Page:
Music rights holders have confronted Jeff Bezos for showing “wilful blindness” to unlicensed songs on the Amazon-owned streaming platform Twitch, as they step up a campaign for royalty payments.
Since the lockdown, gaming-heavy Twitch has exploded in popularity as a platform for live-streaming music, prompting artists and labels to challenge Amazon over the wider music licensing policies of its subsidiary.
The copyright battle began in June with rights holders issuing a volley of “takedown notices” against material on Twitch, with 2,500 claims filed for improper use of unlicensed music in the background to gaming, or the live streaming of mixed recordings.
The Artists Rights Alliance, a trade body, has since sought to pressure Mr Bezos directly, taking issue with Amazon’s two-tier approach to licensing for its music streaming services while Twitch avoids entering such deals.
During testimony in Congress earlier this month, Mr Bezos was asked by Kelly Armstrong, a Republican lawmaker, whether it was correct that Twitch “allows users to stream music but does not license the music”. Mr Bezos said “I don’t know” and promised to check.
In a draft letter to Mr Bezos seen by the Financial Times, which is to be sent on Monday, ARA’s board members called on the Amazon founder to “provide a public answer” and go beyond “the minimal and inadequate” efforts made by Twitch.
“As Twitch uses music to grow its audience and shape its brand, the company owes creators more than the wilful blindness and vague platitudes you offered,” the letter said.
The spat has wider implications for Amazon and other big content platforms, as they try to navigate a barrage of demands from users, regulators, vendors and rights holders over the frontiers of legal responsibilities in a digital age.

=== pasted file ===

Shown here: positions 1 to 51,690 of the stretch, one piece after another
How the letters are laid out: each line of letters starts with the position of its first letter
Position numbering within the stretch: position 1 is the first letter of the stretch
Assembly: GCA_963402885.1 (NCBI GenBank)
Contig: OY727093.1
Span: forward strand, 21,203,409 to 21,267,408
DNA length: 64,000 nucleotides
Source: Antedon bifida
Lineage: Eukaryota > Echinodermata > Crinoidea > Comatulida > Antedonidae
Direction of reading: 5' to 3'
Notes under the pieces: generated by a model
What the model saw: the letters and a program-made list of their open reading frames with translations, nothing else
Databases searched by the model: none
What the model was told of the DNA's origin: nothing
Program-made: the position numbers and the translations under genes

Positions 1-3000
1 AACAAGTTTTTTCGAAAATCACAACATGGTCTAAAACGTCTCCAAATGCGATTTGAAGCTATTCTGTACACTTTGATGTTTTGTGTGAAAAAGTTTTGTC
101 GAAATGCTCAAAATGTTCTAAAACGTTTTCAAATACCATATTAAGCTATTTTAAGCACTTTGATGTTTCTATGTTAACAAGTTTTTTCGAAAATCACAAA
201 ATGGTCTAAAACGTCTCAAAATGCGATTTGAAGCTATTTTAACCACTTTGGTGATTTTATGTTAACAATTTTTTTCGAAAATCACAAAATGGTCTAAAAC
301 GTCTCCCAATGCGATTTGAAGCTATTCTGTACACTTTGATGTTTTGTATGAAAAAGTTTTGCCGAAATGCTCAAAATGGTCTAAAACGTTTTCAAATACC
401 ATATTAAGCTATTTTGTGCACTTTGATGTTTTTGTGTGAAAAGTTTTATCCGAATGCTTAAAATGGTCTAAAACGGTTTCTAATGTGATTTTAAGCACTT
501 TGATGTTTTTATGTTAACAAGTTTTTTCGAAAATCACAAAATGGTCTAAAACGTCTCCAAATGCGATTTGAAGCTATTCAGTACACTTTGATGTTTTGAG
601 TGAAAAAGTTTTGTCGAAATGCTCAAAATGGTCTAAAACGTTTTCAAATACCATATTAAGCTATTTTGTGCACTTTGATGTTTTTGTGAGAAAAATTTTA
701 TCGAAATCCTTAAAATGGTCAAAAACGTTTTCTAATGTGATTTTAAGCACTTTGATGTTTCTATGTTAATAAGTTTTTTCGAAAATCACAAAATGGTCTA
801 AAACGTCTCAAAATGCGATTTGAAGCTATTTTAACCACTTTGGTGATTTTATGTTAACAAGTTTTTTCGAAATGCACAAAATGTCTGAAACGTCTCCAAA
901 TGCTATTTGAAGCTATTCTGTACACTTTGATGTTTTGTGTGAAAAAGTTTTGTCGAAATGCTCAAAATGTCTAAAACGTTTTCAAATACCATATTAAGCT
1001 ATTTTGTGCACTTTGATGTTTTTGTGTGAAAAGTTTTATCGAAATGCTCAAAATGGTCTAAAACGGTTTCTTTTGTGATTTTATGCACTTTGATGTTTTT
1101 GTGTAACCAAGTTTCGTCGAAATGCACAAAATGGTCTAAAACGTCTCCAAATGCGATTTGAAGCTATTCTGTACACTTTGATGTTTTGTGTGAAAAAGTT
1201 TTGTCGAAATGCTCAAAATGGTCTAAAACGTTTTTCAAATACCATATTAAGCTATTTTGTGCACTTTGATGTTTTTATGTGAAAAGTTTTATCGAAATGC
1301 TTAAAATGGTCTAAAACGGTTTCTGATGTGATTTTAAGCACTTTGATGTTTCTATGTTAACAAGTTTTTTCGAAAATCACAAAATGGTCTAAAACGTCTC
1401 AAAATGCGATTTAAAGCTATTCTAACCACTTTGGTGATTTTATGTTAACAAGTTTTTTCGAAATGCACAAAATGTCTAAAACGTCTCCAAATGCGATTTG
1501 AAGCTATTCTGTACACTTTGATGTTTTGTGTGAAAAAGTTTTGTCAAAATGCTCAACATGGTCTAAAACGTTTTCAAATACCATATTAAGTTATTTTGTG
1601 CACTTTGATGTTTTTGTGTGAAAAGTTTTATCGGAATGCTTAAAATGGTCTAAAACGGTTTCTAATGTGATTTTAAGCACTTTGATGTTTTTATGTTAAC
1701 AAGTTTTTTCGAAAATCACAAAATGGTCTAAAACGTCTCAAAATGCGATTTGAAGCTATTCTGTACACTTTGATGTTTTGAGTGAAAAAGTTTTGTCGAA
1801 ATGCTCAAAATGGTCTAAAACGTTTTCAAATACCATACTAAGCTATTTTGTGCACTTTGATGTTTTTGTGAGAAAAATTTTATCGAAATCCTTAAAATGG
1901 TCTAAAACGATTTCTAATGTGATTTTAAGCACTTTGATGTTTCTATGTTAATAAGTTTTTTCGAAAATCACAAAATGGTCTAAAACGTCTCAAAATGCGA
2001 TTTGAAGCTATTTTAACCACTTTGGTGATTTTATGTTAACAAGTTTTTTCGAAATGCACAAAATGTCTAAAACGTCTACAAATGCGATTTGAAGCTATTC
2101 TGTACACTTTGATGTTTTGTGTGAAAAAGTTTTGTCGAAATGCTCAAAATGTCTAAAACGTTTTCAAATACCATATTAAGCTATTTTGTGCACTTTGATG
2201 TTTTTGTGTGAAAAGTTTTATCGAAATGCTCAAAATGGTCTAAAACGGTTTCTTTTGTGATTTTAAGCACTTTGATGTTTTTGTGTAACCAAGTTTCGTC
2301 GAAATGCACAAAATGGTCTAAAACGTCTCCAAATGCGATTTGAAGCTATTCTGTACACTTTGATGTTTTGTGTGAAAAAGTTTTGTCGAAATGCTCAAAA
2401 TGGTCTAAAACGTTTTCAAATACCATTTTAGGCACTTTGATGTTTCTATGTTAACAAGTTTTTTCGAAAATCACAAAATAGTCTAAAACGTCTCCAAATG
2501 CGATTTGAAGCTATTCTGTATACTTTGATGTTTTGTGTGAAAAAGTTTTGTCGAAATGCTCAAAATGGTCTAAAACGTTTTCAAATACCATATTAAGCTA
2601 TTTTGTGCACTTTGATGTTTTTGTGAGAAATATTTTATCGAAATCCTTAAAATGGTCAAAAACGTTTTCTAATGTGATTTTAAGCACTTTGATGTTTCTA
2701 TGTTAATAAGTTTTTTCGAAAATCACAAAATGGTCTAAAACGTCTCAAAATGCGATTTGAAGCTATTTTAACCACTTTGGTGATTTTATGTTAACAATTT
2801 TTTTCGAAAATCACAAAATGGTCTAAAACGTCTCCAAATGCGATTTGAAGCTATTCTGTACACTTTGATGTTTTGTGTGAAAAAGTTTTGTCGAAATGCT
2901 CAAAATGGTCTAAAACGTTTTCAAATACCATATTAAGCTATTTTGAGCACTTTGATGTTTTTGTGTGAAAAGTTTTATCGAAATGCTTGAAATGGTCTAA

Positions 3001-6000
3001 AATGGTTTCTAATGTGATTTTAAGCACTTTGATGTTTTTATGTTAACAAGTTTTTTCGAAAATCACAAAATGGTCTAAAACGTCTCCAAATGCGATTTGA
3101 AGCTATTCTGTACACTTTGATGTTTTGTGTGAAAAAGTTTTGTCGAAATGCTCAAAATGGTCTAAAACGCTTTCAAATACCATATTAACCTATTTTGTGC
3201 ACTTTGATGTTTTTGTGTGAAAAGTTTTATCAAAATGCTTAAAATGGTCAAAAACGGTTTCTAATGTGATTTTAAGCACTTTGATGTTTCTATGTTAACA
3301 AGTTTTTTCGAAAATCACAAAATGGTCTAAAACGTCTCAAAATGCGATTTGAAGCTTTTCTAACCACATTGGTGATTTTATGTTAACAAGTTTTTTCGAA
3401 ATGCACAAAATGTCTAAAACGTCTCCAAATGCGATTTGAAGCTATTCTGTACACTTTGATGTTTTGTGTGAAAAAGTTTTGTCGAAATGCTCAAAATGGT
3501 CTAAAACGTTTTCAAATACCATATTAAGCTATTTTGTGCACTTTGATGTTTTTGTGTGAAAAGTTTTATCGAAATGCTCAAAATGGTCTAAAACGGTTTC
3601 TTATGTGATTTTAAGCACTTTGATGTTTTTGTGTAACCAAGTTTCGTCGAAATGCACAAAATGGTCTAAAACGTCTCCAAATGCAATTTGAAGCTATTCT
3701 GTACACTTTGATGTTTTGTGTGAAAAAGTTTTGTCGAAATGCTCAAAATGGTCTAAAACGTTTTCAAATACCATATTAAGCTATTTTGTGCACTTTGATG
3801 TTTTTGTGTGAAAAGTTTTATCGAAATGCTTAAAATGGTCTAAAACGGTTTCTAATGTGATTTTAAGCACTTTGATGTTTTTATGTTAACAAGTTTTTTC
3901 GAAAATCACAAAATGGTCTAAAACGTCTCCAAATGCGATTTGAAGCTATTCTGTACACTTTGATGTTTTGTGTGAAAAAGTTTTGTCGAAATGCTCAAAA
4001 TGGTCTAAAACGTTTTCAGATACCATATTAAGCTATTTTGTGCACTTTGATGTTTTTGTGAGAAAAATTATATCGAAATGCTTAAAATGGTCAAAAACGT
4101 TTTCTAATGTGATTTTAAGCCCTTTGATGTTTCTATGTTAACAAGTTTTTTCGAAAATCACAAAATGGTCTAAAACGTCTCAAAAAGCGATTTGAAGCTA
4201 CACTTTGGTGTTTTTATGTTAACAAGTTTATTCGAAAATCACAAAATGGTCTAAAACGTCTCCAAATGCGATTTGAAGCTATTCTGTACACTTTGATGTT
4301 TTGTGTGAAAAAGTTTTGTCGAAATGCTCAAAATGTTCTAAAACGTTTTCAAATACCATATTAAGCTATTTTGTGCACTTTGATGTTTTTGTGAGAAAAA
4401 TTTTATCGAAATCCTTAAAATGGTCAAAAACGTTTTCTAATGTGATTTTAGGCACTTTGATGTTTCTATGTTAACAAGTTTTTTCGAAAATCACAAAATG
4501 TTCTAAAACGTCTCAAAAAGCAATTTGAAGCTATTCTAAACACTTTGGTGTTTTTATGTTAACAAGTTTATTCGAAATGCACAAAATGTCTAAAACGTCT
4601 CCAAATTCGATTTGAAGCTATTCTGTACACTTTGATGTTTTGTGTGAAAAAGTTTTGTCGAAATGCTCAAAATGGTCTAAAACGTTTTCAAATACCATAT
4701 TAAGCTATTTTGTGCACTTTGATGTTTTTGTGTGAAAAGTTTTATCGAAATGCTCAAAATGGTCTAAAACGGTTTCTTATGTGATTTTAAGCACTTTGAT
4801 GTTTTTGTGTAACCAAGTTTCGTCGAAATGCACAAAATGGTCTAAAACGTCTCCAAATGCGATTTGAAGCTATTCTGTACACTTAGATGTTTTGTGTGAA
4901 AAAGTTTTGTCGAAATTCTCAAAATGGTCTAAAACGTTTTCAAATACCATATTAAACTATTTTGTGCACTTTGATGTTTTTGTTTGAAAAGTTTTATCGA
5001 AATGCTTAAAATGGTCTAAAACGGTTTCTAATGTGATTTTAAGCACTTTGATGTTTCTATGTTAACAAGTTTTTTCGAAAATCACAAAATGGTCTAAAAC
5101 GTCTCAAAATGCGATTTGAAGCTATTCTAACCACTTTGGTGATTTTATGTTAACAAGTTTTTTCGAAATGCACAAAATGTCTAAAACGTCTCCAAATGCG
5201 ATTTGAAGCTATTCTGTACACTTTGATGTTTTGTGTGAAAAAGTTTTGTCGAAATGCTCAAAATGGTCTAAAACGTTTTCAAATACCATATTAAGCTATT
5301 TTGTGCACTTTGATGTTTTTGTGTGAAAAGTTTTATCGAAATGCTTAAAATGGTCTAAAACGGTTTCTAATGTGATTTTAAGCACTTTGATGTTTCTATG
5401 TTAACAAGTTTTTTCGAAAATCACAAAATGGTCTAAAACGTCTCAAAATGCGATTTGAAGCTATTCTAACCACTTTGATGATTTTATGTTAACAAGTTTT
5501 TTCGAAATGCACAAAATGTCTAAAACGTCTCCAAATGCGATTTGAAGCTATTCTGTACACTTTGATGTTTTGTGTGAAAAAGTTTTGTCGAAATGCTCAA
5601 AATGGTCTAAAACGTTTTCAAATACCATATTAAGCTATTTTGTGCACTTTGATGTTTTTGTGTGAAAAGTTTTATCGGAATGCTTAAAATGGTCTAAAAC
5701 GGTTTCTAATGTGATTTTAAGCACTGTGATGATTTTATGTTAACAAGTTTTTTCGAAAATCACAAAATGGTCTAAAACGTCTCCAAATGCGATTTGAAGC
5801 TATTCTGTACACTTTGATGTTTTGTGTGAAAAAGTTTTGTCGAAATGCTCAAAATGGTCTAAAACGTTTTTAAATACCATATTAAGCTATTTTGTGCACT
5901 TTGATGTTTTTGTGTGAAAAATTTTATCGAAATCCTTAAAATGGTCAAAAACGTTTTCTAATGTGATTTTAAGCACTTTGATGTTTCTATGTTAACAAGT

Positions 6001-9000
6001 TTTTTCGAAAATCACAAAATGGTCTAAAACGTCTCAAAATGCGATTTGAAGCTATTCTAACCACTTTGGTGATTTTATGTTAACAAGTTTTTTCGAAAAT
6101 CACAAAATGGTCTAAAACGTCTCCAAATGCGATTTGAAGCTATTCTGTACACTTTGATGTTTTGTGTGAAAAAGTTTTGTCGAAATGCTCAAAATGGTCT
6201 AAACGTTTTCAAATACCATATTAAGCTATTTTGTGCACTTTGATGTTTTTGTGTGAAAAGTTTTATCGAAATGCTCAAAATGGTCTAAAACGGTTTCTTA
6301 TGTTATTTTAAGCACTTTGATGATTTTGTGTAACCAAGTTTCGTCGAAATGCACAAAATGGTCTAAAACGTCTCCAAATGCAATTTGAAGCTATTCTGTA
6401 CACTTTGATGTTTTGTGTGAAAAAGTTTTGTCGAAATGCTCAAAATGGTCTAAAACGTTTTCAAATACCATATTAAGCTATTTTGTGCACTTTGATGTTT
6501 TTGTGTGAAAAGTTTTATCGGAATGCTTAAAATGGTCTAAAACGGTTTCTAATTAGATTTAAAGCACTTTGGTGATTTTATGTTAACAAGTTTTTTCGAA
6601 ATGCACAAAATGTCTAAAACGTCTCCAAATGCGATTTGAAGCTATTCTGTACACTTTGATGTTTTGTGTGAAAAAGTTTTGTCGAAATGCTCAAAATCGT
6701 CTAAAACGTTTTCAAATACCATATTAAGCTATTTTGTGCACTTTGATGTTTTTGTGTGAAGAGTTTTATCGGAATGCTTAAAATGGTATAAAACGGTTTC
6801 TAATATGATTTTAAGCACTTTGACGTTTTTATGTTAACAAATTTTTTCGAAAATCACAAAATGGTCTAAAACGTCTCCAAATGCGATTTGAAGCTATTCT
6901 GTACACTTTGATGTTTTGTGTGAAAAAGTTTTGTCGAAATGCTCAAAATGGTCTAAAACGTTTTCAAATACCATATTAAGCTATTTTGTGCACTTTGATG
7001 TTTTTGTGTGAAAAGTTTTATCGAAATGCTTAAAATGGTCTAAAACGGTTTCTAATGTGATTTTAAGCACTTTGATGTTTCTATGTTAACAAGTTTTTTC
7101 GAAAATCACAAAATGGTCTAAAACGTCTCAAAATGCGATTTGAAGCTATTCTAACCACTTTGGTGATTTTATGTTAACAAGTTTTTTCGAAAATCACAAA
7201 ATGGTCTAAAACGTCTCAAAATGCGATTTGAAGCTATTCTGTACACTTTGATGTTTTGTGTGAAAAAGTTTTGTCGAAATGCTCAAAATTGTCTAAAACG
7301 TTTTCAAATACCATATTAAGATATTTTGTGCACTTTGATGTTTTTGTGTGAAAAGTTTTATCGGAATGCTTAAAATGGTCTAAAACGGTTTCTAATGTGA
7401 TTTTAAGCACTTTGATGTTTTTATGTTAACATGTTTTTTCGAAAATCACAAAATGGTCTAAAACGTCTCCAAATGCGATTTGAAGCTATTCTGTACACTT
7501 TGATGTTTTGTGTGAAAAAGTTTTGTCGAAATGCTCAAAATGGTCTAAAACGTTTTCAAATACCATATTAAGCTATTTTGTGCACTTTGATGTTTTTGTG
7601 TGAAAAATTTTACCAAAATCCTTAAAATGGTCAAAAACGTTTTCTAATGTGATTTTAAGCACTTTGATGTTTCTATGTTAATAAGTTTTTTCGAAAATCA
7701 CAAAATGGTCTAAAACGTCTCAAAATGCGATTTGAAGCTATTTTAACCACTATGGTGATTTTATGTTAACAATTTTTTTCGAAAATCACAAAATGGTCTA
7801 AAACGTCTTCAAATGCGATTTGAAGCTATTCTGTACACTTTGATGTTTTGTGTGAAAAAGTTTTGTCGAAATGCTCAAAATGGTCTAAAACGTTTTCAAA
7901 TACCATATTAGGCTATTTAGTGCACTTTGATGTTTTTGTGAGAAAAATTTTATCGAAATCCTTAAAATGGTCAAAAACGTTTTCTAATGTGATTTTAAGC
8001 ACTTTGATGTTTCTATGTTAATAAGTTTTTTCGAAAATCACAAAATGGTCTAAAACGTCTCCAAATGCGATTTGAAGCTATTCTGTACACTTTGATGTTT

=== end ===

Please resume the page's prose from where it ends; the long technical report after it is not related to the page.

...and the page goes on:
Like user-upload platforms such as YouTube or Instagram, Twitch has relied on “safe harbour” provisions in US copyright law, which limits the liability of platforms that host material as long as they promptly respond to takedown requests.
Following the takedown requests in June — covering the use of songs such as “Cake By the Ocean” by DNCE and “7 Rings” by Ariana Grande — Twitch acknowledged the notices had been “stressful for creators”.
After receiving his notice Jake “JakeNBake” Abramson, one of Twitch’s most popular streamers, said on Twitter: “If things continue this way doesn’t that mean 90 per cent of the streamers on Twitch are done-zo?”
Twitch said it was improving the tools available to find and remove copyright violations and has clarified some advice to creators. But it has yet to significantly amend guidelines that place responsibility for seeking licences for recordings on streamers.
Rather than deal with music publishers, the streaming service has so far focused on performance rights. Twitch’s karaoke app, Twitch Sings, has secured music licences from 100-plus publishers, but the licences do not apply to the main Twitch platform.
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Amazon bought Twitch, the biggest platform for watching live streams of others playing games, for $970m in 2014. It has since expanded into a broader entertainment platform — with about 4m creators streaming material each month — and has prospered in the lockdown economy.
Sunita Kaur, a former Spotify executive who is leading Twitch’s push into Asia-Pacific, recently told CNBC the service was looking to build a much closer relationship with artists and labels.
“Music is where we see the largest growth and coming from Spotify, this is quite close to my heart,” she said. “We are going to be definitely spending more time working much, much closer with the music industry in Asia-Pacific region.”